“Finding rare species is always exciting. This year, I found my first Rusty-patched Bumblebees (Bombus affinis) with sightings in early August in both La Crosse and Vernon Counties. Since those are federally endangered, those were special moments. I found my first at a garden center in La Crosse when shopping for flowers with my wife. There were lots of Bumble Bees on the Monarda plants and I was really excited to identify 1-2 of them as Bombus affinis! I found another on an Odonata survey at the Genoa Power Plant boat landing a week later. The sighting at the garden center even got my wife excited about Bumble Bees! The second was also special since that sighting will become part of the data for my survey efforts on the Upper Mississippi River National Wildlife Refuge (I have a special use permit to survey Odonata on the refuge and must submit a report each year).
I found several rare dragonflies and damselflies in the Driftless Area this year. The most memorable single trip occurred on a visit to a new survey location near Sparta in Monroe County. My first visit to that location produced several county records including sightings of very rare Comet Darners (Anax longipes) and Citrine Forktails (Ischnura hastata). The Comet Darners never landed but I did get a flight shot for a voucher and an iNaturalist sighting. I was able to get very nice photos of both a female Citrine Forktail (July 12).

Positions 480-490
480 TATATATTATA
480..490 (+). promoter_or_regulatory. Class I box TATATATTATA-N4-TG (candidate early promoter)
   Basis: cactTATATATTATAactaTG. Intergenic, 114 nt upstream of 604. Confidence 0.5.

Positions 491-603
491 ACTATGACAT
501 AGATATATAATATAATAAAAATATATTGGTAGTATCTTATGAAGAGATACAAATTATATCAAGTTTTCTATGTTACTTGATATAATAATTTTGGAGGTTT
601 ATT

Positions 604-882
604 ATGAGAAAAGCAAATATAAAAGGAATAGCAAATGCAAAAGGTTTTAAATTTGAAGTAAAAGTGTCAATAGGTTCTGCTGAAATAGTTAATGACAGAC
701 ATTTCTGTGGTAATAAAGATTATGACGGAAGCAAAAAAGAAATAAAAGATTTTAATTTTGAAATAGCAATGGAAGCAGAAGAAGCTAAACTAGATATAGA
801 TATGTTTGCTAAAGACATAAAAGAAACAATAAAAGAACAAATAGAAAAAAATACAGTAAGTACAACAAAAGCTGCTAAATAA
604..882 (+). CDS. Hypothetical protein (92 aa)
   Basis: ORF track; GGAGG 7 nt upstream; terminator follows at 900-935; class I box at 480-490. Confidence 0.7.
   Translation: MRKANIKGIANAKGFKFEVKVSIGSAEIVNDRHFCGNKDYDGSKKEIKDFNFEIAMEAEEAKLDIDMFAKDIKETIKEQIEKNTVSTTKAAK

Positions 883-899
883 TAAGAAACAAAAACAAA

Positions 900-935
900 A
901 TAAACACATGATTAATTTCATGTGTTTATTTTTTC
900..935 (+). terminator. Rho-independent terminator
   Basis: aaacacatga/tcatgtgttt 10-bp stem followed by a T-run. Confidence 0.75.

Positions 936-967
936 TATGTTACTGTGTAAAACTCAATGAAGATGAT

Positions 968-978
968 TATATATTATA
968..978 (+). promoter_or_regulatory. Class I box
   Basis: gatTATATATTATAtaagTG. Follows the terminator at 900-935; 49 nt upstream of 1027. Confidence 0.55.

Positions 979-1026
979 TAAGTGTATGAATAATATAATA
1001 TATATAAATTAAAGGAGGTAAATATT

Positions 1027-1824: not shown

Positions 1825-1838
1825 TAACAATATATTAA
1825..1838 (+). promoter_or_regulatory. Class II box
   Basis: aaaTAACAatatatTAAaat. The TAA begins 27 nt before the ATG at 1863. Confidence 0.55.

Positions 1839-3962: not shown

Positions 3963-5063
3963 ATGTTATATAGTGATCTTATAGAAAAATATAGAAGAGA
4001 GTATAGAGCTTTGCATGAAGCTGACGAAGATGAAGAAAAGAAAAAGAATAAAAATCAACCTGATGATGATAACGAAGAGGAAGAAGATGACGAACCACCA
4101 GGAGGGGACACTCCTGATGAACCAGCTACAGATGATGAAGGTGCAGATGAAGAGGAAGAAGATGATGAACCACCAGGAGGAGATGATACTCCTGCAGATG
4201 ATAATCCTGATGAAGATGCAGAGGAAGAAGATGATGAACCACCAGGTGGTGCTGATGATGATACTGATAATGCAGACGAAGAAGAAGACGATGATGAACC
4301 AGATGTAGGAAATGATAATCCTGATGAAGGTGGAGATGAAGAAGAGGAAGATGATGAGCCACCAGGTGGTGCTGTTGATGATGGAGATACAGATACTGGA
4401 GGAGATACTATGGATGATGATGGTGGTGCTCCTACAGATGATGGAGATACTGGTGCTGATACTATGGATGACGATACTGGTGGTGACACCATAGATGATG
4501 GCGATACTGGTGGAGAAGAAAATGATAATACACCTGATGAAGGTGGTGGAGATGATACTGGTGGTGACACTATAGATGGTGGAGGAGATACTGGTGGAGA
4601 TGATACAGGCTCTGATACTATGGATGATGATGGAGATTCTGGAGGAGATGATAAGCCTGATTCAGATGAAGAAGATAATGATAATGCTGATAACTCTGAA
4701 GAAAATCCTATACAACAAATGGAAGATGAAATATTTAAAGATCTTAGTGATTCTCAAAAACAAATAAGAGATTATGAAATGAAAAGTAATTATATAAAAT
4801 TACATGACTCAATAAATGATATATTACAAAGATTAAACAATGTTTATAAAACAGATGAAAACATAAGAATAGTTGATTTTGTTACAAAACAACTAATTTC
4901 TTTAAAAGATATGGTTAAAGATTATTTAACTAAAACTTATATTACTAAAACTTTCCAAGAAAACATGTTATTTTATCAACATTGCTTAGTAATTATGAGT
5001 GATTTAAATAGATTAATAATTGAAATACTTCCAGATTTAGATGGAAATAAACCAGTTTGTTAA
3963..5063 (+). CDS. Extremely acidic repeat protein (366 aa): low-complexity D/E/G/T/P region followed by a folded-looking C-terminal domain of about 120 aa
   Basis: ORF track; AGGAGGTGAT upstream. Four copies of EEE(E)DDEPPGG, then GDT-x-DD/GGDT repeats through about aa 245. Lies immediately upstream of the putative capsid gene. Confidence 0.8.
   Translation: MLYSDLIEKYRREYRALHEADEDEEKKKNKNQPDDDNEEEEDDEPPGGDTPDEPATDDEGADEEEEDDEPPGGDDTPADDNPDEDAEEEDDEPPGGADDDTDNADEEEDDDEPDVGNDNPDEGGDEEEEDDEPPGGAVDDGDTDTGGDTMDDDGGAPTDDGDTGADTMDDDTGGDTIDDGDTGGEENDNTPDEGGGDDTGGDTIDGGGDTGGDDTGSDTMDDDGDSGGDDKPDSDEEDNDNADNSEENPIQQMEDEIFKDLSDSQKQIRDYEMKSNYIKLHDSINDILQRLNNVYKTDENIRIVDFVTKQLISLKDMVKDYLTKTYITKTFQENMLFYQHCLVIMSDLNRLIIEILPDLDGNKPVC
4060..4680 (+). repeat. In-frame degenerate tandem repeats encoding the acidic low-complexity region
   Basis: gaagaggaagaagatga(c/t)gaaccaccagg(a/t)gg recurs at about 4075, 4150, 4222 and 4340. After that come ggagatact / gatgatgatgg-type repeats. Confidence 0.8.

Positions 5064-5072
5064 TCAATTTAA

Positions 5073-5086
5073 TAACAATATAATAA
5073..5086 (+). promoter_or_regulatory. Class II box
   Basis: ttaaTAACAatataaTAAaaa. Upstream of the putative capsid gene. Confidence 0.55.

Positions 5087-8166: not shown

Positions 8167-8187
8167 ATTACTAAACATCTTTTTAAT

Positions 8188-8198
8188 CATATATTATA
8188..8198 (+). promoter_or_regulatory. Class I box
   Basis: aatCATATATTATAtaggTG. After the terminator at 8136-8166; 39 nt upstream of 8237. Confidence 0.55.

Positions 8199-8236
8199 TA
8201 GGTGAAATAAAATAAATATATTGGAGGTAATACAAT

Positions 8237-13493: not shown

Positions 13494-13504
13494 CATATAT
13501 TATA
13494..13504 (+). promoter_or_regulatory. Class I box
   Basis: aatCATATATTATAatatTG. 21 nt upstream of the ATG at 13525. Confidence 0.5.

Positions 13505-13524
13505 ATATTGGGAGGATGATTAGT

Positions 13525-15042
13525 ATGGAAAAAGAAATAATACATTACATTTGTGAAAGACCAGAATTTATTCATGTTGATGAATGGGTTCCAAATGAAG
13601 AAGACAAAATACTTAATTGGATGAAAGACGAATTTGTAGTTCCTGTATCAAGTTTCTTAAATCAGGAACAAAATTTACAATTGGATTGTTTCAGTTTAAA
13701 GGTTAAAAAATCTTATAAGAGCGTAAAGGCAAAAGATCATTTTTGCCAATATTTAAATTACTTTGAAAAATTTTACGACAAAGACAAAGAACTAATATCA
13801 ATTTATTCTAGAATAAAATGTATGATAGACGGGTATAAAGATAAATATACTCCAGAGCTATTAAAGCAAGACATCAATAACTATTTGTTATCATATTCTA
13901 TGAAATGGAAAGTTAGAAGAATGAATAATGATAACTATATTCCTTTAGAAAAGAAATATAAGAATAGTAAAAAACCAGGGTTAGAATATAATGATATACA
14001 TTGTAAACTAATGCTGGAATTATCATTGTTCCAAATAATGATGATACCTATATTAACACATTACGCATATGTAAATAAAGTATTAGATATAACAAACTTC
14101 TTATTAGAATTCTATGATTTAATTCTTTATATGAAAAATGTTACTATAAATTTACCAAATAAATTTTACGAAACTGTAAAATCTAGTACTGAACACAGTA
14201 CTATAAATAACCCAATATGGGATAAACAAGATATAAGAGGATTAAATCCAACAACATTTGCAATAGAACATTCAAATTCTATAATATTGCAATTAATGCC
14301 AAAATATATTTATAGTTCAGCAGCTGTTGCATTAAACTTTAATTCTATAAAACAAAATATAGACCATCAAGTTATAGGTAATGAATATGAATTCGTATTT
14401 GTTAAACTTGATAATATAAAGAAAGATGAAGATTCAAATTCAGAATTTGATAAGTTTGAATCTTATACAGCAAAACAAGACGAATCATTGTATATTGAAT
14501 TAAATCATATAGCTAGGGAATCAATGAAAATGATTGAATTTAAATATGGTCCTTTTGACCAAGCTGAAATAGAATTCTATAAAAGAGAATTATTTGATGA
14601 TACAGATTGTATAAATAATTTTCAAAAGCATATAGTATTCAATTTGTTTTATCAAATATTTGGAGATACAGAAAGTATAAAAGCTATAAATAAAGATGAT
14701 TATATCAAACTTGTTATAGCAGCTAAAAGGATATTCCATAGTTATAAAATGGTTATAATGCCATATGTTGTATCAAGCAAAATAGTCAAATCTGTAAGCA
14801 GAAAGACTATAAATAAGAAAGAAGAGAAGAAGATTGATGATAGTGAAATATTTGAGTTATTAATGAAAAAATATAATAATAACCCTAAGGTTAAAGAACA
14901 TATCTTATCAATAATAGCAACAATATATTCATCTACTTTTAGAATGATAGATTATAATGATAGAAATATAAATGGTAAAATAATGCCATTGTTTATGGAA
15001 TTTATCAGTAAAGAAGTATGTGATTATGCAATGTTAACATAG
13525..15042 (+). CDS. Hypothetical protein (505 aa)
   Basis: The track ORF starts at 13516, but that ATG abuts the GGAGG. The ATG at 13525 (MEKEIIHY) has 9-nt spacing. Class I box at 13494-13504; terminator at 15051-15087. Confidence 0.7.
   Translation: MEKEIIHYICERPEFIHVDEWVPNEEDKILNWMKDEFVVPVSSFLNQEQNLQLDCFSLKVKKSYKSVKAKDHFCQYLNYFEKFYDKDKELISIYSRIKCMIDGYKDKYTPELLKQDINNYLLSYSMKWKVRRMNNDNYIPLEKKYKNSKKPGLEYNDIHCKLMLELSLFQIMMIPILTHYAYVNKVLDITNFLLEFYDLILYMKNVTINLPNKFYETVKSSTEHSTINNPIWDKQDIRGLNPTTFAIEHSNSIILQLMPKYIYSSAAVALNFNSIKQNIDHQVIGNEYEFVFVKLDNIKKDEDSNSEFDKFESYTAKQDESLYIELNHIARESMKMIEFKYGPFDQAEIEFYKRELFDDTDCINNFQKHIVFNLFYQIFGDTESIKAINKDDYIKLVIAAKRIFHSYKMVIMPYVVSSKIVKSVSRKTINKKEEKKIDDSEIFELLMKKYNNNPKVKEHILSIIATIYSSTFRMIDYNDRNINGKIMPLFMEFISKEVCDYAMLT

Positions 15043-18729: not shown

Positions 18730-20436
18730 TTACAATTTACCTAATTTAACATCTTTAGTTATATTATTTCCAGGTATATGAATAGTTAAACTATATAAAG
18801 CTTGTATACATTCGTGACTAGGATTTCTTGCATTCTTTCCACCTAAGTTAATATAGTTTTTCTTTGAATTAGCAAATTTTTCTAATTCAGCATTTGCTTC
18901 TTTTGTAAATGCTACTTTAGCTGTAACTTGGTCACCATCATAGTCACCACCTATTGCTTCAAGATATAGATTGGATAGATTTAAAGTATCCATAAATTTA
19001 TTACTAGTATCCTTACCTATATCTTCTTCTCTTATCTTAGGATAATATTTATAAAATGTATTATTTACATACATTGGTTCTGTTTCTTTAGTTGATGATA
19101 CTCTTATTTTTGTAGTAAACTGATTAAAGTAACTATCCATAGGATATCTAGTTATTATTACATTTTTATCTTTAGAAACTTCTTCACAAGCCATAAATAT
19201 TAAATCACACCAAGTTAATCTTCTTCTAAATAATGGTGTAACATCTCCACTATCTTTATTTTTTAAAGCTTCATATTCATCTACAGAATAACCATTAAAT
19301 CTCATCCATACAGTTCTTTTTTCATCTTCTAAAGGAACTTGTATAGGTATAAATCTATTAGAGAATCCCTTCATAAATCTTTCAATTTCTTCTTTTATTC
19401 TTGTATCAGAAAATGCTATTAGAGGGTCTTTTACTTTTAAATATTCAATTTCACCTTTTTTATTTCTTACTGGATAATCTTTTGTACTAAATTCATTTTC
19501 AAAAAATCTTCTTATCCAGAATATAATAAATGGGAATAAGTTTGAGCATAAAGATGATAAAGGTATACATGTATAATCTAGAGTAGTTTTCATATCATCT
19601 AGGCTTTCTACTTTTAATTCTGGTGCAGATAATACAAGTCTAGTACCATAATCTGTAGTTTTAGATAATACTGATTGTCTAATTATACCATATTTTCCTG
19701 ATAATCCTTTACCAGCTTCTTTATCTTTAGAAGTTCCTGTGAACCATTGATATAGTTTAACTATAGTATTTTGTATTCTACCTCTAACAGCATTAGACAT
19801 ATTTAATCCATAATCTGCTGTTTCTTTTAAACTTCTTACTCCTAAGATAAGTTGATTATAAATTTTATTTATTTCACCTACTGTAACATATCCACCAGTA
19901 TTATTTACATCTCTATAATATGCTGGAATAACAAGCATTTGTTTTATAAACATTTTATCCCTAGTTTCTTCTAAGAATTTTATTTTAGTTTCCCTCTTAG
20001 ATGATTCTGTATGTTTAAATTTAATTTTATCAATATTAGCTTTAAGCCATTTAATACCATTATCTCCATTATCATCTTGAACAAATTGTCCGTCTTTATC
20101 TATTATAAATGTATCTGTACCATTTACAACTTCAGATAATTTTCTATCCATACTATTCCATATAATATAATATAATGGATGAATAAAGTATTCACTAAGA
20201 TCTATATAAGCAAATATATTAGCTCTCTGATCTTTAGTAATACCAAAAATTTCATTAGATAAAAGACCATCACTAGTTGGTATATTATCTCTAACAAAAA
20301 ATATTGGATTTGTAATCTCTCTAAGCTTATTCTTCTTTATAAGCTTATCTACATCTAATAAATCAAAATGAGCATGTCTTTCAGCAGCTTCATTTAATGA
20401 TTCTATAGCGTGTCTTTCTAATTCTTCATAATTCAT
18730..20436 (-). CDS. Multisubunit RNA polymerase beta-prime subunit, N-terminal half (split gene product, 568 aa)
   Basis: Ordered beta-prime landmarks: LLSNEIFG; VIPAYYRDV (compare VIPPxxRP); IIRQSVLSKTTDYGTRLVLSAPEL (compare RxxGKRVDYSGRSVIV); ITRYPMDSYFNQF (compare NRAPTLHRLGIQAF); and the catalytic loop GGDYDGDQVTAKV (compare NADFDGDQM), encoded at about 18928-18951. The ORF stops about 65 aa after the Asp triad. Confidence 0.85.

“I had fun taking pictures of other insects and really enjoyed the diversity that has been hiding right in front of me! Some of those are spectacular such as the Brown Wasp Mantidfly that I found on my land a few times this summer. I was really happy to get some great pictures of one on July 1, 2022 . My wife did a bit of research on that species, and we discovered that it has an amazing life history in addition to being a spectacular looking insect! (Check out this neat article on the Mantidfly)
“Thanks for providing a great excuse to take a closer look and to learn more about all of nature this year!”

Random drawing — Mary Ellen Prinsen (iNat ID: mprinsen)

Mary Ellen won $100!
“I am new to iNaturalist. After a few years of retirement, I decided to try hiking. My good friend Vicki Miller invited me to try this app and started making observations and posting them. It’s been very enjoyable and I’m learning a great deal.
“My favorite specie photo was a fungus I saw on a tree last June while on a walk on the Grandad Bluff trail. I uploaded the photo on the iNat app and it suggested it was Dryad’s Saddle so I hit “Share” and a short time later an iNat “Identifier” confirmed it was “Research Grade” Dryad’s Saddle which I thought was very cool!
“The iNat app (and DABB Nature Challenge) has encouraged me to continue my hiking and learn new things along the way!”

Congratulations Dale, Dan, and Mary Ellen!

Even though the Nature Challenge is over and fall season is upon us, the 2022 Driftless Area BioBlitz will continue throughout the winter and in to spring, and will end when the next Nature Challenge is launched during Earth Fair on April 30, 2023. So, get out there and continue to bioblitz. You never know what you’ll find!